Finding the right case: The role of predictive features in memory for aviation accidents

David O'Hare*, Nadia Mullen, Mark Wiggins, Brett Molesworth

*Corresponding author for this work

Research output: Contribution to journalArticlepeer-review

5 Citations (Scopus)


Three experiments examined the role of story structure in memory for written aviation accident reports by both pilots and nonpilots. Accident reports follow a standard format providing setting, complication, decision and outcome information. Following the 'predictive features' model, it was hypothesized that expertise would facilitate recall, and that pilots would recall most effectively with the complication feature. Pilot and nonpilot participants read and recalled 4 (Experiment 1) or 8 (Experiment 2) accident reports. With four cases, pilots recalled more than nonpilots, but no difference was found with eight cases. A primacy effect for pattern of recall was found in Experiment 1 with the setting and complication features most effective in triggering case recall. When task difficulty was increased (Experiment 2), the complication feature alone was the most effective. In Experiment 3, we manipulated text structure and found that complication and decision features were better recognized than setting or outcome features by nonpilots. The finding across three studies that the complication feature was consistently the most effective for retrieving aviation accident reports supports the 'predictive features' model.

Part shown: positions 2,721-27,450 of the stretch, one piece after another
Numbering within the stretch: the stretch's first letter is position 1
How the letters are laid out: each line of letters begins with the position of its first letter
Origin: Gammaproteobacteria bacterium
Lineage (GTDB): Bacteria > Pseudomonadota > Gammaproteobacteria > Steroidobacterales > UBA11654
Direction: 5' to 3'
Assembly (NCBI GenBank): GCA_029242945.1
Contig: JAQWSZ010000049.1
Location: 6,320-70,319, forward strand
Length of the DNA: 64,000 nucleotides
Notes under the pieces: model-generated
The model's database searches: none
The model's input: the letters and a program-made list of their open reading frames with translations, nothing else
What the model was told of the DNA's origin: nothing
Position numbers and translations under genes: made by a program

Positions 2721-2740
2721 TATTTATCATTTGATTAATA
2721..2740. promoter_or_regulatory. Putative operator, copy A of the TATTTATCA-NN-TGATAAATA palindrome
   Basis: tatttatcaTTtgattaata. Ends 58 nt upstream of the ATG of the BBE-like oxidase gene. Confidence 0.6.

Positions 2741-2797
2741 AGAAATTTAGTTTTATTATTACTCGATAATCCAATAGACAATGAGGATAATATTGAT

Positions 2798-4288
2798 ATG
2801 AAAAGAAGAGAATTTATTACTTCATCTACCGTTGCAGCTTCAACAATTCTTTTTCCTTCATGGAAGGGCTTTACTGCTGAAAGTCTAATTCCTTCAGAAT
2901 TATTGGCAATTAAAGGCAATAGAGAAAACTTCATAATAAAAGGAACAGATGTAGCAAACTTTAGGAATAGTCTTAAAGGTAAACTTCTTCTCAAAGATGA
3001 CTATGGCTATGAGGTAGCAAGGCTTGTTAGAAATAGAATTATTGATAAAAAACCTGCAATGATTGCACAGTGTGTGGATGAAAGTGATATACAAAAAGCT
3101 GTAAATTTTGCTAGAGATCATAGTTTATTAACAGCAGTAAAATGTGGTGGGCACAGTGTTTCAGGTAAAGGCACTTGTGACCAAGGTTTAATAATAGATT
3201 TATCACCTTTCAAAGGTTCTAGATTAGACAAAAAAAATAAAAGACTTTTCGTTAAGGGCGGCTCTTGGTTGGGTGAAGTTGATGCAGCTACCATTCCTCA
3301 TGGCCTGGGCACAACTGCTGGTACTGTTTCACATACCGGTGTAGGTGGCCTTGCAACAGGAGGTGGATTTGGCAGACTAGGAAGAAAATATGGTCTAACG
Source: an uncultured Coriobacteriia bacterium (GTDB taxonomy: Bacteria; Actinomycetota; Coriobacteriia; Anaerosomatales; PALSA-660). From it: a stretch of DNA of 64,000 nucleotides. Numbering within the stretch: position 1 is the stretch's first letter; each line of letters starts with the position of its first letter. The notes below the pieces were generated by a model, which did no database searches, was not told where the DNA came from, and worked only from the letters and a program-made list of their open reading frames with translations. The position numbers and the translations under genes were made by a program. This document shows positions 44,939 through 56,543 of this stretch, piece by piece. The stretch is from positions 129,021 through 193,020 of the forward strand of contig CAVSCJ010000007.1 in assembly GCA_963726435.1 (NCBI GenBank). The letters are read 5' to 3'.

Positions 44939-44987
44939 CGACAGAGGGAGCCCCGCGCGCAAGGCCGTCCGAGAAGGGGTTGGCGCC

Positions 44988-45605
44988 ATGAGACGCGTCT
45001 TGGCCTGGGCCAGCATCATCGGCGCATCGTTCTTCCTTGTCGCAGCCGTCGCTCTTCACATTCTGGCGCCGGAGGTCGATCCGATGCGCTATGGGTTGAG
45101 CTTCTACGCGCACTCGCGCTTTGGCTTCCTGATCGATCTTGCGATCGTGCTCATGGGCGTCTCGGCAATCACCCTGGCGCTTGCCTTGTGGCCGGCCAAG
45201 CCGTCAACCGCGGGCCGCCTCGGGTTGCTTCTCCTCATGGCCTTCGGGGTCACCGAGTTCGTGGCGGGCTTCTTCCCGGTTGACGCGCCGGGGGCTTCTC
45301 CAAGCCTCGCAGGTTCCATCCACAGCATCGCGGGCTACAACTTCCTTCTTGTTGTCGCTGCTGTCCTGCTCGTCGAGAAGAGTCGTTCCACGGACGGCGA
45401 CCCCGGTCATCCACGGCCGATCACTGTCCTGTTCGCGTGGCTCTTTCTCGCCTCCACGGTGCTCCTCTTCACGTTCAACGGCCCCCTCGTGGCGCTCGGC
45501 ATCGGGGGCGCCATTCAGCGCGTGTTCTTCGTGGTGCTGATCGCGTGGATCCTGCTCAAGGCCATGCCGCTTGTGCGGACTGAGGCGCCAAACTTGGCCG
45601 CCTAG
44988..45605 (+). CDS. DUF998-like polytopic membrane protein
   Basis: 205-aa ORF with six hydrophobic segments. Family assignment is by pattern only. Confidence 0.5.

Original languageEnglish
Pages (from-to)1163-1180
Number of pages18
JournalApplied Cognitive Psychology
Issue number8
Publication statusPublished - 2008
Externally publishedYes


Dive into the research topics of 'Finding the right case: The role of predictive features in memory for aviation accidents'. Together they form a unique fingerprint.

Cite this